Identification and prioritization of macrolide resistance genes with ... Macrolide antibiotics (i.e

download Identification and prioritization of macrolide resistance genes with ... Macrolide antibiotics (i.e

of 11

  • date post

    23-Jul-2019
  • Category

    Documents

  • view

    212
  • download

    0

Embed Size (px)

Transcript of Identification and prioritization of macrolide resistance genes with ... Macrolide antibiotics (i.e

  • ISSN 0973-2063 (online) 0973-8894 (print)

    Bioinformation 14(9): 488-498 (2018)

    2018

    488

    www.bioinformation.net

    Volume 14(9) Hypothesis

    Identification and prioritization of macrolide resistance genes with hypothetical annotation in Streptococcus pneumoniae

    Blue Goad & Laura K. Harris* Davenport University, 200 S. Grand Ave, Lansing, MI, 48933, USA; Laura K. Harris E-mail: lharris86@davenport.edu; *Corresponding author Received November 21, 2018; Accepted November 22, 2018; Published December 9, 2018

    doi: 10.6026/97320630014488 Abstract: Macrolide resistant Streptococcus pneumoniae infections have limited treatment options. While some resistance mechanisms are well established, ample understanding is limited by incomplete genome annotation (hypothetical genes). Some hypothetical genes encode a domain of unknown function (DUF), a conserved protein domain with uncharacterized function. Here, we identify and confirm macrolide resistance genes. We further explore DUFs from macrolide resistance hypothetical genes to prioritize them for experimental characterization. We found gene similarities between two macrolide resistance gene signatures from untreated and either erythromycin- or spiramycin-treated resistant Streptococcus pneumoniae. We confirmed the association of these gene sets with macrolide resistance through comparison to gene signatures from (i) second erythromycin resistant Streptococcus pneumoniae strain, and (ii) erythromycin-treated sensitive Streptococcus pneumoniae strain, both from non-overlapping datasets. Examination into which cellular processes these macrolide resistance genes belong found connections to known resistance mechanisms such as increased amino acid biosynthesis and efflux genes, and decreased ribonucleotide biosynthesis genes, highlighting the predictive ability of the method used. 22 genes had hypothetical annotation with 10 DUFs associated with macrolide resistance. DUF characterization could uncover novel co-therapies that restore macrolide efficacy across multiple macrolide resistant species. Application of the methods to other antibiotic resistances could revolutionize treatment of resistant infections. Keywords: resistance genes, hypothetical genes, Streptococcus pneumoniae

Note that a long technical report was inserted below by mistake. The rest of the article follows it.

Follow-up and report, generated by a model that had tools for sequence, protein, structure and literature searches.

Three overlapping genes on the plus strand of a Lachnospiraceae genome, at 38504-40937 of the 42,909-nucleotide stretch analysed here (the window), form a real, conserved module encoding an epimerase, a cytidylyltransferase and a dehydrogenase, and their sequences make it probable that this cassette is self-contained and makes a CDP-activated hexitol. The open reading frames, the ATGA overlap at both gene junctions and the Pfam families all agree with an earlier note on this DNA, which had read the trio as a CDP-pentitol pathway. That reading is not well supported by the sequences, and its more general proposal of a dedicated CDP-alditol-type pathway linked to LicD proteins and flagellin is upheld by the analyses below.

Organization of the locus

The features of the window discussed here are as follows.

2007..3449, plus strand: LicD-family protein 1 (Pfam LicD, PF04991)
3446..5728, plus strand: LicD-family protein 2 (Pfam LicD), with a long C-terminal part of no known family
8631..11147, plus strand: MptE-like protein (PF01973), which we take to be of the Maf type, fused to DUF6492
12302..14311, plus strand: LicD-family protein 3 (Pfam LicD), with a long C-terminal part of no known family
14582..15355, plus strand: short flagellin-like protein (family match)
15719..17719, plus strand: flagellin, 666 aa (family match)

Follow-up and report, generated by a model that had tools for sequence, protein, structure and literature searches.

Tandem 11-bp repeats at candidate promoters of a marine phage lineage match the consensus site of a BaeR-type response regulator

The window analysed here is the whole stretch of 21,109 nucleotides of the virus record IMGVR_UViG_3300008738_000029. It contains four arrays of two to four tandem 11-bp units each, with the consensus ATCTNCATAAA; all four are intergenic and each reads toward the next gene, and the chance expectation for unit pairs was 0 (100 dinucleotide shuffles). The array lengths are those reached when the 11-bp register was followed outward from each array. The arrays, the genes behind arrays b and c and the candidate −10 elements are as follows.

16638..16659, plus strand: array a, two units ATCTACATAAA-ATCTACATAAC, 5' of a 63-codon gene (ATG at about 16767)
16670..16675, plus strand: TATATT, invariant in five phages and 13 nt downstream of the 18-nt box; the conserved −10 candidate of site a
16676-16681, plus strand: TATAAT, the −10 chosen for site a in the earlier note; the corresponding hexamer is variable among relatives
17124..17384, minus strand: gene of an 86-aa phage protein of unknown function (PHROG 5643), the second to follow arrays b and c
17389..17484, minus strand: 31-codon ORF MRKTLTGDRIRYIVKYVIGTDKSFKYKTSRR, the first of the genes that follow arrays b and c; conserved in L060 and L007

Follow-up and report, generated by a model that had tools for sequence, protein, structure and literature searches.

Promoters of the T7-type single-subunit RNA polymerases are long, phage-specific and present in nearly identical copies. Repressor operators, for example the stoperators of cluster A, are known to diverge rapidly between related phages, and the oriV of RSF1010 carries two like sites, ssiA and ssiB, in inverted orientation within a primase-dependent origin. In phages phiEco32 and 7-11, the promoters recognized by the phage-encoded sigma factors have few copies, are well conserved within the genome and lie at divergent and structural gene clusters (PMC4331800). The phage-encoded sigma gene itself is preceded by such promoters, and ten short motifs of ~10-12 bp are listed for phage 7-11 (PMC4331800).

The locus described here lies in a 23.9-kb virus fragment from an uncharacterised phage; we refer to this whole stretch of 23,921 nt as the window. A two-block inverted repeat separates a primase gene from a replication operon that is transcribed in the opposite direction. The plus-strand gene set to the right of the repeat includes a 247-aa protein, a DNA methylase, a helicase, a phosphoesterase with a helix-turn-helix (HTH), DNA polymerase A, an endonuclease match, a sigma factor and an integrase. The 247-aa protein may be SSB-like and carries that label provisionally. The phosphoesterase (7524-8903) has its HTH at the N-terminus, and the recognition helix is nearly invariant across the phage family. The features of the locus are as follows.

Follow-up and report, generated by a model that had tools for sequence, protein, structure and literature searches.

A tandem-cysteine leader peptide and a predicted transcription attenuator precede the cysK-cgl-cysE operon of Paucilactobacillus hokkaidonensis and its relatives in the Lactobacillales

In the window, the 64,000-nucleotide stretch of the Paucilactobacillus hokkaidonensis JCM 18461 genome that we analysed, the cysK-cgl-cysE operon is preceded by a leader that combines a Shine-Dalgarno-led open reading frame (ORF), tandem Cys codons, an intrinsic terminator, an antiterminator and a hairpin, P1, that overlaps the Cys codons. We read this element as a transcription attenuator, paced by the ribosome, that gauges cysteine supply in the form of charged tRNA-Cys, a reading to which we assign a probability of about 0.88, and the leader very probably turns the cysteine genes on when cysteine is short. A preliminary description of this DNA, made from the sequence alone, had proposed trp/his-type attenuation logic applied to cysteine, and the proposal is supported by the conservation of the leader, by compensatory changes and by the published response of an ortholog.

Background: Streptococcus pneumoniae (S. pneumoniae) infections cause approximately 1.2 million life-threatening illnesses resulting in 7,000 deaths annually including bacterial upper respiratory infections and pneumonia and meningitis, and bloodstream, ear, and sinus infections [1, 2]. Macrolide antibiotics (i.e. erythromycin and spiramycin) are first line treatments for S. pneumoniae infections [3] that function by binding reversibly to the 50S bacterial ribosomal subunit, preventing protein synthesis (translation). Unfortunately, full macrolide resistance in S. pneumoniae, defined clinically by a minimum inhibitory concentration (MIC) greater than 256 mg/mL, is increasingly common [3] with approximately 30% of severe S. pneumoniae cases being fully resistant to one or